If you are in any way looking for a camera that incorporates the above and is also able to use the current DX lenses you have at the moment maybe have a look at the Nikon Z 50 or, if you want to go full frame, the Nikon Z 5.


Thanks, and I have been thinking along the same lines. Sure, I would really like to have a new camera body and better lenses. But even a used D750 body is around $1200 (the last time I looked), and full frame mirrorless cameras are around $2000 (or, $3000 as a kit). We had to buy a new heating and air conditioning system a month or so ago, and we had just bought a new car in January. Right now, I have to stop spending so much for a while.

PS - Ok, I see a used Z6 for $988 in excellent condition. That is much less than I was expecting.

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Yeah, money is always a problem…

A new Nikon Z 50 +FTZ adapter can be bought for € 900,-- and a full frame Z5, also incl. FTZ adapter, for € 1350,-- And that’s all nice and well until you realize how much money that is. Not sure how much they are second hand, might be worth looking into when/if the time arrives.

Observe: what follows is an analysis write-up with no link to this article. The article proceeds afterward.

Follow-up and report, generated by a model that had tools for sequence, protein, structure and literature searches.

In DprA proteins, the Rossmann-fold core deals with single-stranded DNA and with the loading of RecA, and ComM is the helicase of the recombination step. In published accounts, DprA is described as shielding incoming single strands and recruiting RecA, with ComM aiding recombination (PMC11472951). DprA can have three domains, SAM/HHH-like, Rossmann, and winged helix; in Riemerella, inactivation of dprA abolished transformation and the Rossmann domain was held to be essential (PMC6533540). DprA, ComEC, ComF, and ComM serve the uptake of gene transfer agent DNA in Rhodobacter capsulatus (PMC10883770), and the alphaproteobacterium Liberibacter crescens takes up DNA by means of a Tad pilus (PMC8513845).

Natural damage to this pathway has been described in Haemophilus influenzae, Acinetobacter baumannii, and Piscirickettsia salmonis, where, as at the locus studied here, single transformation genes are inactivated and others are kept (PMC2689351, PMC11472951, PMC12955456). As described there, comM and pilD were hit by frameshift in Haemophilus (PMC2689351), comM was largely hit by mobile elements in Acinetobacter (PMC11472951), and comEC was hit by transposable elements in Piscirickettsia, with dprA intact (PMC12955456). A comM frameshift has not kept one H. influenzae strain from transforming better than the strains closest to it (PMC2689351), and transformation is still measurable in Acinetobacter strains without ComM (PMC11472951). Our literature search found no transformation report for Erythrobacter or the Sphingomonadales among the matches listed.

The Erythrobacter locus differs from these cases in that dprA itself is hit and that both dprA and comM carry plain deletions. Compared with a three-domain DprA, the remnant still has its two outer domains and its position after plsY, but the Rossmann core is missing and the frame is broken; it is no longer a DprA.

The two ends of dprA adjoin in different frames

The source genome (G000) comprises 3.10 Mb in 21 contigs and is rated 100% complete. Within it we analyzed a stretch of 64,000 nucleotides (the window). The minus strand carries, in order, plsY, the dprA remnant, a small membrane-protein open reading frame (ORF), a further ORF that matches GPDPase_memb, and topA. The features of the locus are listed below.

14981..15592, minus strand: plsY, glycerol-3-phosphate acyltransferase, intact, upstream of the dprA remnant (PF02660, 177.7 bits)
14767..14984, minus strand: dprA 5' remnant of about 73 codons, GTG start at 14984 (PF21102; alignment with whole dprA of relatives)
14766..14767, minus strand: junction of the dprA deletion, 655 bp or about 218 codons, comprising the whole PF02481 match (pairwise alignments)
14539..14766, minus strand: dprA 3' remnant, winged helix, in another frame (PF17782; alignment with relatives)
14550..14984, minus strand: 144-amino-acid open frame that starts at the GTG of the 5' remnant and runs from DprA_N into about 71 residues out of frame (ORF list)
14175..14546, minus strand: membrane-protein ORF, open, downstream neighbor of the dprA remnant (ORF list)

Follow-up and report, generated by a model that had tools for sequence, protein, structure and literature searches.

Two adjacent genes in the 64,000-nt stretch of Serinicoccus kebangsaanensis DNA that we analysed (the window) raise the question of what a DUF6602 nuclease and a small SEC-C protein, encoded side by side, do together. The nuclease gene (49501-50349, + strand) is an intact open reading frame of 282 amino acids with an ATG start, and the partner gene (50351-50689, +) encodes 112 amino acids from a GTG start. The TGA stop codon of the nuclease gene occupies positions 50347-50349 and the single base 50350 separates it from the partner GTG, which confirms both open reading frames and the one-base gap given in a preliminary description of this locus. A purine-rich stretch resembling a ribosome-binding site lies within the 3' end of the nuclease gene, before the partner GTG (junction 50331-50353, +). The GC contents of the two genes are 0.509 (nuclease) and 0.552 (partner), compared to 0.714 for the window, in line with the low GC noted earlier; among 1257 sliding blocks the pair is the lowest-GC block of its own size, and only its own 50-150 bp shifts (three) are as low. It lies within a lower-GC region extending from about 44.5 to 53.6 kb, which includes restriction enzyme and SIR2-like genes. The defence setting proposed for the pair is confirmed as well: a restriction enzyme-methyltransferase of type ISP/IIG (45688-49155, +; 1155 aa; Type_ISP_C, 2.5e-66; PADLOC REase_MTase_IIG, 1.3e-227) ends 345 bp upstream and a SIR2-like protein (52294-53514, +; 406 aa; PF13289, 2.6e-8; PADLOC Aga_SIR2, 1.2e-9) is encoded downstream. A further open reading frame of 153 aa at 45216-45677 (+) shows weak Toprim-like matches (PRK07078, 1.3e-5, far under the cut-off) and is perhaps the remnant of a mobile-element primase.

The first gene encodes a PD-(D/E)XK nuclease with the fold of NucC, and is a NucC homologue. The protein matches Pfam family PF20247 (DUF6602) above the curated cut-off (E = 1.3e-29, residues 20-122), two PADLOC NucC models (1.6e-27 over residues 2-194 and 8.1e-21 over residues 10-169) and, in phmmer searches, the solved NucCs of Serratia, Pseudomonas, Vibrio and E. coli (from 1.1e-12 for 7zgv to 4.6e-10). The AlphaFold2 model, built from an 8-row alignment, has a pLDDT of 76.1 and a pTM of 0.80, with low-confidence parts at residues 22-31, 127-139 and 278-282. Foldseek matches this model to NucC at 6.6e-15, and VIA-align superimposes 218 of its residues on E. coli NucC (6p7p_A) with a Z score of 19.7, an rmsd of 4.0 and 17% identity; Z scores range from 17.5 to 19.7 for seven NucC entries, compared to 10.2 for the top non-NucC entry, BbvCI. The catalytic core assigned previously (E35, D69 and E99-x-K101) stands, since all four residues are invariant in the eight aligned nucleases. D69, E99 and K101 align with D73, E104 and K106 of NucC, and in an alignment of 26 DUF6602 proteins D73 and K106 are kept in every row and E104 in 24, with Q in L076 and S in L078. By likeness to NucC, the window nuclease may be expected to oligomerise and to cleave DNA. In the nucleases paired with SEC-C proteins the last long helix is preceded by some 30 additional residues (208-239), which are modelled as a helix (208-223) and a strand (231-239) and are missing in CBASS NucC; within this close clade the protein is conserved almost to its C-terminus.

Do keep it in mind though for when finances allow for it.

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Do realize that you have DX lenses and the Z6 is full frame. You can use the DX lenses on it but it makes the camera a bit handicapped. And (FX) lenses are expensive…

I know, right? At this point, I would rather have a cheaper full-frame system than a more expensive DX system (what is the generic term for the smaller sensors?). My son uses a D750, and like I said above, I was used to shooting 35mm film for decades.

I think its clear: use your parental powers to annex this camera! :smiley:

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The ground-glass screen on modern DSLRs are not optimised for manual focus. For folks (like me) with less than perfect eyesight, this is a nuisance.

My Nikon D800 has arrows and a dot, that tell me when a square on the image is in focus. I find this useful.

In the UK, secondhand D800 bodies can be found from about £429 (US $600) upwards.

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I’m a bit more zoned in today, and I got these and a few other pretty good shots. Maybe I went a little overboard with some of the editing, but what the heck!